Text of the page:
Why Britain has fallen out of love with cash
When credit cards replaced cash as the most common payment method behavioural economists recognised that people were spending more. They argued that payments with cash had been inducing a psychological pain, associated with the visibility of the physical reduction of money in the wallet.
Credit cards on the other hand were associated with ease and rewards. Some popular credit card reward programmes include air travel miles, cash back on purchases, gift cards and even insurance on rental cars. Those potential benefits, coupled up with the intangibility of the money being spent made credit cards the perfect way to guilt-free spend.
In 2007 came the contactless payment method, whereby cards are simply presented at the chip and pin machine, removing any hassle or mental effort required by entering a pin. For the consumer, this further increases the transaction ease, and the psychological distance from the monetary exchange, potentially increasing willingness to spend. However, for security purposes, spending was limited at £30 per purchase.
But what if there was a contactless payment method allowing for unlimited spending? In 2014, Apple launched Apple Pay, whereby their devices with fingerprint recognition technology could be used in the same way as contactless cards, but with no spending limit. All that is required of the consumer is to present their device whilst authorising the purchase with their fingerprint. Since then this technology has been developed further to allow for the authorisation of purchases through face recognition.
Does this payment method make spending money even easier? Some behavioural economists suggest that it will change the way our brains think about buying things. Consumers will no longer need to carry their wallet, so will be completely disconnected from their mental accounts. They may even associate payments with feelings that they tend to associate with using their smartphone, such as comfort, enjoyment, security or community.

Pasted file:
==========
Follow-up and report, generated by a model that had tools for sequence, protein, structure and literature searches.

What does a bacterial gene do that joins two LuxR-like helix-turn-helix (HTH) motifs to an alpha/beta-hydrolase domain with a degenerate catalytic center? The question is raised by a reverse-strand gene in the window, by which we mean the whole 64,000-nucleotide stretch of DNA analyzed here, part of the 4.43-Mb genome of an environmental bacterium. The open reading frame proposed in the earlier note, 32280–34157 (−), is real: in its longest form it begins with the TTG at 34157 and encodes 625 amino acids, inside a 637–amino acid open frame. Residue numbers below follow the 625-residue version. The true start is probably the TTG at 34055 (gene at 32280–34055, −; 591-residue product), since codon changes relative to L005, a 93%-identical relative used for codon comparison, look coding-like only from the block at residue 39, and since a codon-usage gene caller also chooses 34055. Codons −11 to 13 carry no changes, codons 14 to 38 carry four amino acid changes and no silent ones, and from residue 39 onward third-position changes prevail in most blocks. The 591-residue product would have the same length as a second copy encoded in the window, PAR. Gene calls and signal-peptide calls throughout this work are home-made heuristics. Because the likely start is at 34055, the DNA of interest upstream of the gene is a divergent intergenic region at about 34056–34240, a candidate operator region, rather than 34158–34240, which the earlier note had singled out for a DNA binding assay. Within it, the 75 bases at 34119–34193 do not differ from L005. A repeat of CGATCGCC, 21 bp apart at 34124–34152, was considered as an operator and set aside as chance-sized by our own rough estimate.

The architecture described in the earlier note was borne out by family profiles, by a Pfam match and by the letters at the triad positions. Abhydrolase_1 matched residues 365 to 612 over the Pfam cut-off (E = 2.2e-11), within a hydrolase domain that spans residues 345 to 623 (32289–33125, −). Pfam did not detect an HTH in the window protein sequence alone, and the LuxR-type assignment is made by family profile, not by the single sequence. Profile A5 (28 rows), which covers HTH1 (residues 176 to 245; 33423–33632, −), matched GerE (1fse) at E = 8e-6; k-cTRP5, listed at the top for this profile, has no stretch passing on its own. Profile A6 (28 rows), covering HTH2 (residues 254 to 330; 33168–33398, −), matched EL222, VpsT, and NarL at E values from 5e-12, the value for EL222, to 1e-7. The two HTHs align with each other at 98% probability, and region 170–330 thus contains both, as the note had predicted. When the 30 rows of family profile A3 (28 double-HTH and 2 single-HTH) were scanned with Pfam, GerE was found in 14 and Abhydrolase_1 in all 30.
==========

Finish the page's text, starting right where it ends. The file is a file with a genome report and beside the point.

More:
We carried research with 1,000 shoppers who had spent money on their visit to a major shopping destination in the run up to Christmas. We found that on average almost of half of money spent was through a non-contactless card payment, a third via contactless and only 17% of purchases were made with cash. In comparison, the 2006 UK Payment Markets Summary report by Payments UK showed that 62% of all payments in the UK were by cash, suggesting a significant change in the way we behave at the till over the past 13 years. We also analysed our data based on age range and found that those aged 18-25 are more likely to use contactless card payments than non-contactless, and it is the 36-45-year olds who use smartphone payments the most out of all age groups, but still prefer to use a card. Smartphone payments were generally low in reported numbers, suggesting a slow adoption of the technology, potentially due to security concerns.
Emotional Logic can help you pinpoint any psychological factors or barriers that may be impacting how much consumers spend on your brand and help you to overcome them – contact us for more information.